Welcome to our March Ransomware Recap! In this monthly series, we discuss a few of the biggest ransomware stories. Let’s jump in.
Nemty Ransomware Posts Victims Stolen Data as Punishment
Nemty Ransomware has created a data leak site to publish information of victims who do not pay ransoms. This information can include financials, personal information of employees, client data and more. The goal for publishing confidential data is to force the next round victims into paying a ransom.
According to Bleeping Computer, “This blog currently lists a single victim, an American footwear company, and contains a link to 3.5 Gigabytes of files that were allegedly stolen from the company.
“As more ransomware operators begin to utilize this extortion tactic, victims will need to consider all ransomware attacks a data breach. This means file noticed with the government, alerting affected people, and sending out breach notifications.”
Most Ransomware Attacks Take Place on Nights and Weekends
To not much surprise, a recent FireEye report showed that most ransomware attacks take place after hours and on weekends, since most businesses to not have IT staff working during those times. And, if they do, staff is usually short handed.
According to ZDNet and FireEye, “…76% of all ransomware infections in the enterprise sector occur outside working hours, with 49% taking place during nighttime over the weekdays, and 27% taking place over the weekend.”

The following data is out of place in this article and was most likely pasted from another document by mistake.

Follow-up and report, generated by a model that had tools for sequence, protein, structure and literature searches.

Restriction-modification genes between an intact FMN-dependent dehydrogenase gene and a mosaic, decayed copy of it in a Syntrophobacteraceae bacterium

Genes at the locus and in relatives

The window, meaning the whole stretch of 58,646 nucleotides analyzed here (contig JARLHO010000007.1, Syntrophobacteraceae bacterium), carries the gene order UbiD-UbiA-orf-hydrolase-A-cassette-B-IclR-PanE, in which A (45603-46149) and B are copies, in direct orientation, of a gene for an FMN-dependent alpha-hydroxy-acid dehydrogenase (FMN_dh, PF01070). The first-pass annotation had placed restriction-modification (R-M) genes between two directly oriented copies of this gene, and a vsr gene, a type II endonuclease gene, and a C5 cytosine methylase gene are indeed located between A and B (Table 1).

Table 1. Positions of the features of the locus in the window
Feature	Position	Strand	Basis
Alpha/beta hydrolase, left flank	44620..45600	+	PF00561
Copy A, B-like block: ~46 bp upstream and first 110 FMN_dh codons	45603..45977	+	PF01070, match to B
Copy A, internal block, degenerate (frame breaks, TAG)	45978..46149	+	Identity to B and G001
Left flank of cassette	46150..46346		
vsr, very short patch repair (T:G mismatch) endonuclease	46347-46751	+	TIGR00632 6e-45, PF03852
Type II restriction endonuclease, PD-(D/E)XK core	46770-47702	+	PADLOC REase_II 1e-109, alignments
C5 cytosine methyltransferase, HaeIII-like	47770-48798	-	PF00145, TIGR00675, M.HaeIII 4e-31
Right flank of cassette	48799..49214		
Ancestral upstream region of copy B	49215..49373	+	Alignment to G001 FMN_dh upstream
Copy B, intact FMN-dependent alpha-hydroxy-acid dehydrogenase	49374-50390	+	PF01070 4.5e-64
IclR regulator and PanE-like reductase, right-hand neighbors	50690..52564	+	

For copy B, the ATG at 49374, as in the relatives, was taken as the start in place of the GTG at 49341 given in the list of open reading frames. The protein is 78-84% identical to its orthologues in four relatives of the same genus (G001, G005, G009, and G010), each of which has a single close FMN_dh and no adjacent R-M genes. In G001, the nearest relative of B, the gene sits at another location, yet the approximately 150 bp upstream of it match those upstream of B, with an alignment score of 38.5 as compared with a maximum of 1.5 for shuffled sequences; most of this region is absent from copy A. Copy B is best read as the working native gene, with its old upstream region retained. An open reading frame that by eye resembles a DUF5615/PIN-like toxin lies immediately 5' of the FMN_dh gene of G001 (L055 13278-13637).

Additionally, all of these cases were human-operated attacks, which means that the ransomware is triggered on the attackers time and not automatically. These kind of attacks have gone up 860% since 2017.
US Department of Health and Human Services Hit by DDoS Attack
The U.S. Department of Health and Human Services (HHS) was slowed by a DDoS attack on Sunday, but didn’t cause it to go offline. Having the site slowed down can be an issue for US citizens looking for up to date information on the Coronavirus spread and other information from the HHS.
DDoS attacks come in various sizes and styles, and it wasn’t disclosed which tactics were used beyond the fact that the attacks took hours to last.
According to Naked Security, “It’s all relative of course, but downplaying it might be to miss the point because this attack was unusual in another way – officials said it coincided with a disinformation campaign carried out via SMS, email and social media that reportedly claimed that a national quarantine of the US was imminent.”
Two Ransomware Groups Promise Not Attack Health Organizations
In some better news, two ransomware groups, Maze and DoppelPaymer, said they will not attack health organizations during COVID-19 and will focus their attacks elsewhere.
According to Wired, “BleepingComputer reached out to the operators of multiple strains of ransomware, asking if they had plans to stop hitting hospitals during the coronavirus pandemic. Two of them actually wrote back to say yes, absolutely, they’ll take it easy on the health care industry (except pharmaceutical companies) until the Covid-19 situation improves.”
Some more good news, Emsisoft and Coveware are offering their ransomware services for free to healthcare organizations during the pandemic. And don’t forget, Managecast is offering free workstation and laptop backups for remote workers during this time.